Restaurant Review: Camino, Shoreditch

Tasty Tapas at Camino Shoreditch

Where does Camino Shoreditch fit into the hyper-competitive London restaurant scene? I mean, how many tapas restaurants does London need? Probably not the existing 1,000,000, but it needs this one. I’m not generally a fan. Predictable menus, lazy dishes, bland interiors, boring wines, laboured service – none of which were on display at Camino Shoreditch.

That said, Camino Shoreditch did get off to something of a false start and my above fears were pricked. Despite being well-passed opening time, firmly within the realms of lunch, I was the first to arrive, and both the front and back of house weren’t prepared. I should of known the restaurant would have been quiet, run by a nation of people who think nothing of heading out to dinner at 11:00pm. However, this early confusion was rectified by top-quality complimentary olives and warm service through the early afternoon.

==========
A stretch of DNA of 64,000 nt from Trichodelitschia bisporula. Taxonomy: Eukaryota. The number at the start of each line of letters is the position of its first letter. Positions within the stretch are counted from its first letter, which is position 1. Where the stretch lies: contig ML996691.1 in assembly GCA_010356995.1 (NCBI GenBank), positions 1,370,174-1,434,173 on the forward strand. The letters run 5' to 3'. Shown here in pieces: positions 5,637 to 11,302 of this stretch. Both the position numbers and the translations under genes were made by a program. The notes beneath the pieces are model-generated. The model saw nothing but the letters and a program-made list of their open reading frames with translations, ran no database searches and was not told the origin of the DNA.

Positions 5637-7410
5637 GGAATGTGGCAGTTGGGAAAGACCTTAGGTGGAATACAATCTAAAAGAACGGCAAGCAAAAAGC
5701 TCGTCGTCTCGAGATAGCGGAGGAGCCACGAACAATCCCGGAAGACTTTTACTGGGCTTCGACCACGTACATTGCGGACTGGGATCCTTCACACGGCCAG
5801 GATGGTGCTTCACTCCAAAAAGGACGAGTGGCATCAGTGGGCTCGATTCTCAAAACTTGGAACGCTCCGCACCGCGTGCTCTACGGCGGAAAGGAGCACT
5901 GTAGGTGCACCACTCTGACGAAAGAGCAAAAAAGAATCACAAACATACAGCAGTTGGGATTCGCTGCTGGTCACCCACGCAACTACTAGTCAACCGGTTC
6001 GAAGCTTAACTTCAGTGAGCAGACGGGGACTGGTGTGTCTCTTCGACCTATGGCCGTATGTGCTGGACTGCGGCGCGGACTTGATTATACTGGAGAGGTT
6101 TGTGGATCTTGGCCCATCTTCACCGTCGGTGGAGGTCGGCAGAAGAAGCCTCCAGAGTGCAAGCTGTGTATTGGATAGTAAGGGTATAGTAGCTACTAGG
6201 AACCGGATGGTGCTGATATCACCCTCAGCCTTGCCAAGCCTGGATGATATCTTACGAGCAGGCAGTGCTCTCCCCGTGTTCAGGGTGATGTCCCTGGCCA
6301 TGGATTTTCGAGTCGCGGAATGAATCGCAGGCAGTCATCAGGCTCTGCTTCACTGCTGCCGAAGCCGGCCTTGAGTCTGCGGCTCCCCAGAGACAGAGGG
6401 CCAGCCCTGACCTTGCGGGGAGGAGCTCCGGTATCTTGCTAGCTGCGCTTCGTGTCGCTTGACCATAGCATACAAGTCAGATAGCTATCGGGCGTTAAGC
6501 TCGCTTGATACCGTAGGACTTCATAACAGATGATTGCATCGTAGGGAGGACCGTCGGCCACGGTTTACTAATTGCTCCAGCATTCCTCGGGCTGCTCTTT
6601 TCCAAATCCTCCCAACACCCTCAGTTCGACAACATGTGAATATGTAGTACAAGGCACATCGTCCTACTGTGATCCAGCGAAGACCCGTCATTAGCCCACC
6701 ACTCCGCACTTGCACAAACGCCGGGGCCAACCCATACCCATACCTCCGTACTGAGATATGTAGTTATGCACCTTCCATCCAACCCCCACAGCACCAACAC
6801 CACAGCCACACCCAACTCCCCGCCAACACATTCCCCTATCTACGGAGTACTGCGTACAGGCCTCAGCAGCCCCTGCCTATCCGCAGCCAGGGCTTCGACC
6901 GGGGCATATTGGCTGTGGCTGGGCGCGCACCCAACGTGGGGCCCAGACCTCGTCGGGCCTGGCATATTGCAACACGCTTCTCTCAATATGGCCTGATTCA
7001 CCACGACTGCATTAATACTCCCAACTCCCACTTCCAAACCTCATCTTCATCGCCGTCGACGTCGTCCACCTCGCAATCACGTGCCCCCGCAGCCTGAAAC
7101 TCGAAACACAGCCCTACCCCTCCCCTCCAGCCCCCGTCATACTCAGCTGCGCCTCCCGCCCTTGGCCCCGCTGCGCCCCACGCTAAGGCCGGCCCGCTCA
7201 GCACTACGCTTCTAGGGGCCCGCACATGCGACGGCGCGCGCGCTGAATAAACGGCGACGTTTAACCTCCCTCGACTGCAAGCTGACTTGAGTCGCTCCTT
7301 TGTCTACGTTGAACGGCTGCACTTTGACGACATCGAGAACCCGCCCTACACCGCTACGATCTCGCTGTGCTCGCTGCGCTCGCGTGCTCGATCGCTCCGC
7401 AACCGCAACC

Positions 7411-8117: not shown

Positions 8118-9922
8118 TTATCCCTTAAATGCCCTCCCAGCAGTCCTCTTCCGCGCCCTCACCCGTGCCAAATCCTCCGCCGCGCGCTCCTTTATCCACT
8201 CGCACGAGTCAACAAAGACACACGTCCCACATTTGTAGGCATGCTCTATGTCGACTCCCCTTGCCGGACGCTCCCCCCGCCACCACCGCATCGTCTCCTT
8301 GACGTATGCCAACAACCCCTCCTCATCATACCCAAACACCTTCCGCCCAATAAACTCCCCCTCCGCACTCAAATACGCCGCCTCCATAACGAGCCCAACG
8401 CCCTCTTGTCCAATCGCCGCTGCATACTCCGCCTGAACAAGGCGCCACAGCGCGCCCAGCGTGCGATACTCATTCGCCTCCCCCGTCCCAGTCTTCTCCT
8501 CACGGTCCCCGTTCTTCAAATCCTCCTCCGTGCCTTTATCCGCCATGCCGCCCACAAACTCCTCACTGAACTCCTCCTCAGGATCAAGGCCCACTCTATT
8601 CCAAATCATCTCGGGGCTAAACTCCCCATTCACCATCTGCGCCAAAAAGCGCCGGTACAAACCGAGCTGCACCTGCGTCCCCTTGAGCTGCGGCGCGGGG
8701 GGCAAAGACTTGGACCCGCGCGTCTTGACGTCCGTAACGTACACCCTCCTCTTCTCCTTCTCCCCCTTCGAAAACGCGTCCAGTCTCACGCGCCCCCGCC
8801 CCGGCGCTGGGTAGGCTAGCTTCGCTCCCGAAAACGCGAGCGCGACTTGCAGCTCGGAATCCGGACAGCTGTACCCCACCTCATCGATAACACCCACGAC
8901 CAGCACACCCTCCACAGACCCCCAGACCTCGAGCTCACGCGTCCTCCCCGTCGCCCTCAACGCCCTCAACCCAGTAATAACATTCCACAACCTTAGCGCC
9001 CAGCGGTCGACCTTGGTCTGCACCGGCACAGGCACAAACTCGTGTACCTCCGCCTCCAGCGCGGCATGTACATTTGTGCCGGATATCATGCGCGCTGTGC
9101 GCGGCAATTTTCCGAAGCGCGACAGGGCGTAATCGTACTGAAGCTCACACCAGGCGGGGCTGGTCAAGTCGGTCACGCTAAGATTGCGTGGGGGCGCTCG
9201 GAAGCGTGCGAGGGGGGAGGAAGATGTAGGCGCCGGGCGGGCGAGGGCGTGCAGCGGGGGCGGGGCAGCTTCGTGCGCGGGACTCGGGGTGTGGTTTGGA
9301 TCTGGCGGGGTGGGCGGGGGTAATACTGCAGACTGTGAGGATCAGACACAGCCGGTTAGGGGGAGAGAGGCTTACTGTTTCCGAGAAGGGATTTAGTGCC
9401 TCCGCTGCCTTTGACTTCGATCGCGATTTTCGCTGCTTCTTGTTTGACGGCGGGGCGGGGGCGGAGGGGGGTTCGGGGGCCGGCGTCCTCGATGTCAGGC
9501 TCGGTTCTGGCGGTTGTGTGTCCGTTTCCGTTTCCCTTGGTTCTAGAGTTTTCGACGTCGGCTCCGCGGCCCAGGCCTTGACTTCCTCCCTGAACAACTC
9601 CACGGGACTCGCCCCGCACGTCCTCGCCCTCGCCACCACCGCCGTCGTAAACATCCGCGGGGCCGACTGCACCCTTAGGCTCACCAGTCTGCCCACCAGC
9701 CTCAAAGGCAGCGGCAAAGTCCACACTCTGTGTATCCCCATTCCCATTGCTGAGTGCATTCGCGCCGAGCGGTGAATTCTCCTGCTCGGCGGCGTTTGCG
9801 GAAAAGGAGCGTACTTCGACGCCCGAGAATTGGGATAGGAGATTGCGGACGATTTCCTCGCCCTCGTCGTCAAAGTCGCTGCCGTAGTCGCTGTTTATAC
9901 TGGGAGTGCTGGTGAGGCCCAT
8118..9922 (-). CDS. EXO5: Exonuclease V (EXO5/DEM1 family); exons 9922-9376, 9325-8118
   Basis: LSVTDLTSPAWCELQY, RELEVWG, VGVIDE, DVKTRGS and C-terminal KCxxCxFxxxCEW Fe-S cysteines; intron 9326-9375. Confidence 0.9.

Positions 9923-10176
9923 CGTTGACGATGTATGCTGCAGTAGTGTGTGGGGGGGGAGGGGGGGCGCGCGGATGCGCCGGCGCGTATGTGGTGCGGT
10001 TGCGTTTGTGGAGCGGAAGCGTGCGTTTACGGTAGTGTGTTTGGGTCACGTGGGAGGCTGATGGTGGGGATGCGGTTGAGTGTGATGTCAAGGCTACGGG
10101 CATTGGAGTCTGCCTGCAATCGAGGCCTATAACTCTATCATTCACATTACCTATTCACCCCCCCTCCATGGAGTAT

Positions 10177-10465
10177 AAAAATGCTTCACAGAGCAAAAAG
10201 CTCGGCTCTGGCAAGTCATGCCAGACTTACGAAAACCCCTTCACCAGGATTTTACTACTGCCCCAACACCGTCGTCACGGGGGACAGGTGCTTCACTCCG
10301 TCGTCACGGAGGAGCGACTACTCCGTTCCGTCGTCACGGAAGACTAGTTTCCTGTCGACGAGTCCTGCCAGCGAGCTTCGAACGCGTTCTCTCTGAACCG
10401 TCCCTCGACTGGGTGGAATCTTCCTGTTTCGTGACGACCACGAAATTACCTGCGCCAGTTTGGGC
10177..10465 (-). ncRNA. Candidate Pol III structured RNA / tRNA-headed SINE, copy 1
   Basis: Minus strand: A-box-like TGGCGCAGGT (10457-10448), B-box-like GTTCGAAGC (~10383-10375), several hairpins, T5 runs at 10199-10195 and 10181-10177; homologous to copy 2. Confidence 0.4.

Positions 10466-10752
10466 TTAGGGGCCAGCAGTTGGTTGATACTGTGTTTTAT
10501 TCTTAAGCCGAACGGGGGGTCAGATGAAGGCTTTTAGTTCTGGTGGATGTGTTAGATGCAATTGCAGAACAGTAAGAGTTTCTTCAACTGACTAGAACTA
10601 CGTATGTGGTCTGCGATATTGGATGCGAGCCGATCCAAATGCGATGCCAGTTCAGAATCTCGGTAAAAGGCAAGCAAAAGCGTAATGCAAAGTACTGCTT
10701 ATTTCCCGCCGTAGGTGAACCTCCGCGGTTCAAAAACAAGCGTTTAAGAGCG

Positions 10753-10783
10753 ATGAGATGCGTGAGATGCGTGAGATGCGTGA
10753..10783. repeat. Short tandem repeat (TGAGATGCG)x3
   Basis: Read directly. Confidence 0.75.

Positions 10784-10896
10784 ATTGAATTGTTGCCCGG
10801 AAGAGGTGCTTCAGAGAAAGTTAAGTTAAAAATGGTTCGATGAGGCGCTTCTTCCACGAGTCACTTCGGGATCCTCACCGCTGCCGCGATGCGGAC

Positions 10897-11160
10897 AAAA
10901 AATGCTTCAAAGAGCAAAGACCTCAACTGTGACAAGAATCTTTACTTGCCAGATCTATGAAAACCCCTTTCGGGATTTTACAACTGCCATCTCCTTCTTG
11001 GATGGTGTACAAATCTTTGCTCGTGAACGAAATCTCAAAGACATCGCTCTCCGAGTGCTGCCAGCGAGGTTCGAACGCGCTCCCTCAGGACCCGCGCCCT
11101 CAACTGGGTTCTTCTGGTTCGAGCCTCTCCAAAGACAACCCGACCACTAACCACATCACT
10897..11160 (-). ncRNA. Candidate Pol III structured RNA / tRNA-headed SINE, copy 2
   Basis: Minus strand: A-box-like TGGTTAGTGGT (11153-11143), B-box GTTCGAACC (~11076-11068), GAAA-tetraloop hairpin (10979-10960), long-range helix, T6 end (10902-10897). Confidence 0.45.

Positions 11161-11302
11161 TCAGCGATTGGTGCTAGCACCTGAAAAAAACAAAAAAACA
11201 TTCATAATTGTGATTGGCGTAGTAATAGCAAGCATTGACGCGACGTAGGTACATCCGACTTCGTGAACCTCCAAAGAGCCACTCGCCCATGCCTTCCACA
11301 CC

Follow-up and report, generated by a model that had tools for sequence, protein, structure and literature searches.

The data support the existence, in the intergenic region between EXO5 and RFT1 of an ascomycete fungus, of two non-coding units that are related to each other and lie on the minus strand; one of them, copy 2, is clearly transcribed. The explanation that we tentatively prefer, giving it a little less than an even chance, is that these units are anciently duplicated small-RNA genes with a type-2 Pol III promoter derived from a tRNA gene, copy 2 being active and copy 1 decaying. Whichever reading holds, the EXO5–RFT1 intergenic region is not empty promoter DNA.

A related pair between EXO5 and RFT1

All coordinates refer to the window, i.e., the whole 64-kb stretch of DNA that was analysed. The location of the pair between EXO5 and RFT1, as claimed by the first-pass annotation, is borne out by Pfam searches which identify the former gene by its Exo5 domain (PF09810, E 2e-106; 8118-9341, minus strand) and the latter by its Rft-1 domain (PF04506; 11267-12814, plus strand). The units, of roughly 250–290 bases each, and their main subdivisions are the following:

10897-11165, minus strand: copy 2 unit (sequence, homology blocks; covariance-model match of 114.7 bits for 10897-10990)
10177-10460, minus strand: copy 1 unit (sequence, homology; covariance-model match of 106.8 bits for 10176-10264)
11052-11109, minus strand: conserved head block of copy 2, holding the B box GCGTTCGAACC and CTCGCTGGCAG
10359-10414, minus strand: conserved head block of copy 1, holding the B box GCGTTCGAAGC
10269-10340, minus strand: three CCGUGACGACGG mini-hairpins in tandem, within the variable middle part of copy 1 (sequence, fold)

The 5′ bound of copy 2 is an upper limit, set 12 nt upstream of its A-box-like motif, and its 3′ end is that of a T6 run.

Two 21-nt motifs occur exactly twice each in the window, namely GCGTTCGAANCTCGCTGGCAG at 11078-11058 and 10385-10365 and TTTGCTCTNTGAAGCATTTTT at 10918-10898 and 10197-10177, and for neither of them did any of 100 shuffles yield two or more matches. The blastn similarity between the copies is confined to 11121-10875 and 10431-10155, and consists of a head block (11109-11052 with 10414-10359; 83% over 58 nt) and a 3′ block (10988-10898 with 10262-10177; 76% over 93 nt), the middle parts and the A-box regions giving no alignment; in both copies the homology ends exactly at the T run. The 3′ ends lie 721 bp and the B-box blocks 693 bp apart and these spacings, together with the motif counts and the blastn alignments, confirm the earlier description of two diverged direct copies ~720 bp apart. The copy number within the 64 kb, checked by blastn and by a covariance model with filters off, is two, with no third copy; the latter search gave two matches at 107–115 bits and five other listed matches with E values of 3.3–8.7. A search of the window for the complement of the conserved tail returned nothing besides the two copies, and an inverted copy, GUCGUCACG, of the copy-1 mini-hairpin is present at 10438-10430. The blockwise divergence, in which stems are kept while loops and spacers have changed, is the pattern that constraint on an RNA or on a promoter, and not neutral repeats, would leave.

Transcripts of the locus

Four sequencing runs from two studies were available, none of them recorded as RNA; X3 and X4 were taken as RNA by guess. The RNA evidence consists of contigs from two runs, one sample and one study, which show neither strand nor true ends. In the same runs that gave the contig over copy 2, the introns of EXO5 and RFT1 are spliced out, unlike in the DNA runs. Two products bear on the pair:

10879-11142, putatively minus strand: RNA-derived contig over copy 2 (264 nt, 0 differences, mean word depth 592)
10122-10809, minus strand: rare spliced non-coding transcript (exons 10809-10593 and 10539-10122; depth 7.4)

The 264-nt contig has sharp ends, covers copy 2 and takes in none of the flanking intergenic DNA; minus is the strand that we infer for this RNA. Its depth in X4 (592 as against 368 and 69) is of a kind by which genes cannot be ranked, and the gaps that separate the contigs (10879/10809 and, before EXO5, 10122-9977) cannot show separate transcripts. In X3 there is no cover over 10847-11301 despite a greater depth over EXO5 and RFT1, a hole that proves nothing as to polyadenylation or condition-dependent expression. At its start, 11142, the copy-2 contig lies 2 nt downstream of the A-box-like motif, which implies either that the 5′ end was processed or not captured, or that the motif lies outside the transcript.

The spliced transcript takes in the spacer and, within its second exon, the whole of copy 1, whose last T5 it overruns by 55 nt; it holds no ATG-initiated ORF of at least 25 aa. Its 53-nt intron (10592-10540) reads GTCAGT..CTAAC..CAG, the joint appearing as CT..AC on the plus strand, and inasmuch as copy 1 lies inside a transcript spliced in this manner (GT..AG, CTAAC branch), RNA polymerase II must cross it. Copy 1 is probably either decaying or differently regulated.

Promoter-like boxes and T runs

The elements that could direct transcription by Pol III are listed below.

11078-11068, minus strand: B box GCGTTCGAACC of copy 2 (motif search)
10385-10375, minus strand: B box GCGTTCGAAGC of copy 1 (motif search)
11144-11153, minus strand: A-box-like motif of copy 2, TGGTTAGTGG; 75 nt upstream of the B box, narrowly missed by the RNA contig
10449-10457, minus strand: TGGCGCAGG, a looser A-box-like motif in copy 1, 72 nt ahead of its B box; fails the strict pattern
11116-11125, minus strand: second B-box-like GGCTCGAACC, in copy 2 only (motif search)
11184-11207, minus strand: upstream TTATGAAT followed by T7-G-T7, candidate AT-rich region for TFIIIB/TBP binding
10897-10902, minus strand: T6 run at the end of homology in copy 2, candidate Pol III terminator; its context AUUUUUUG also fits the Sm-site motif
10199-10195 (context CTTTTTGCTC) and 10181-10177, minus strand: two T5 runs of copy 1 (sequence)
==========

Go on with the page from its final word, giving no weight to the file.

Camino Shoreditch Spanish Tapas Restaurant Review
One of each please! Camino’s all Spanish Wine List

On to the food. What do the olive-skinned, almond-eyed, bootylicious brunettes of Basque have in common with the bald, bulky blokes of Bury? Not a lot I imagine, except for one prized commodity, Black Pudding. Despite being English,  indeed Northern, I graciously congratulated our Spanish friends for beating us at our own game, after devouring a well-presented slate full of the black and bloody stuff.  Camino call it Morcilla De Burgos and it’s served with feisty alegría peppers.

Camino Shoreditch Restaurant Review London Tapas Spanish Theme
Banging Black Pudding, Bury would be envious (possibly)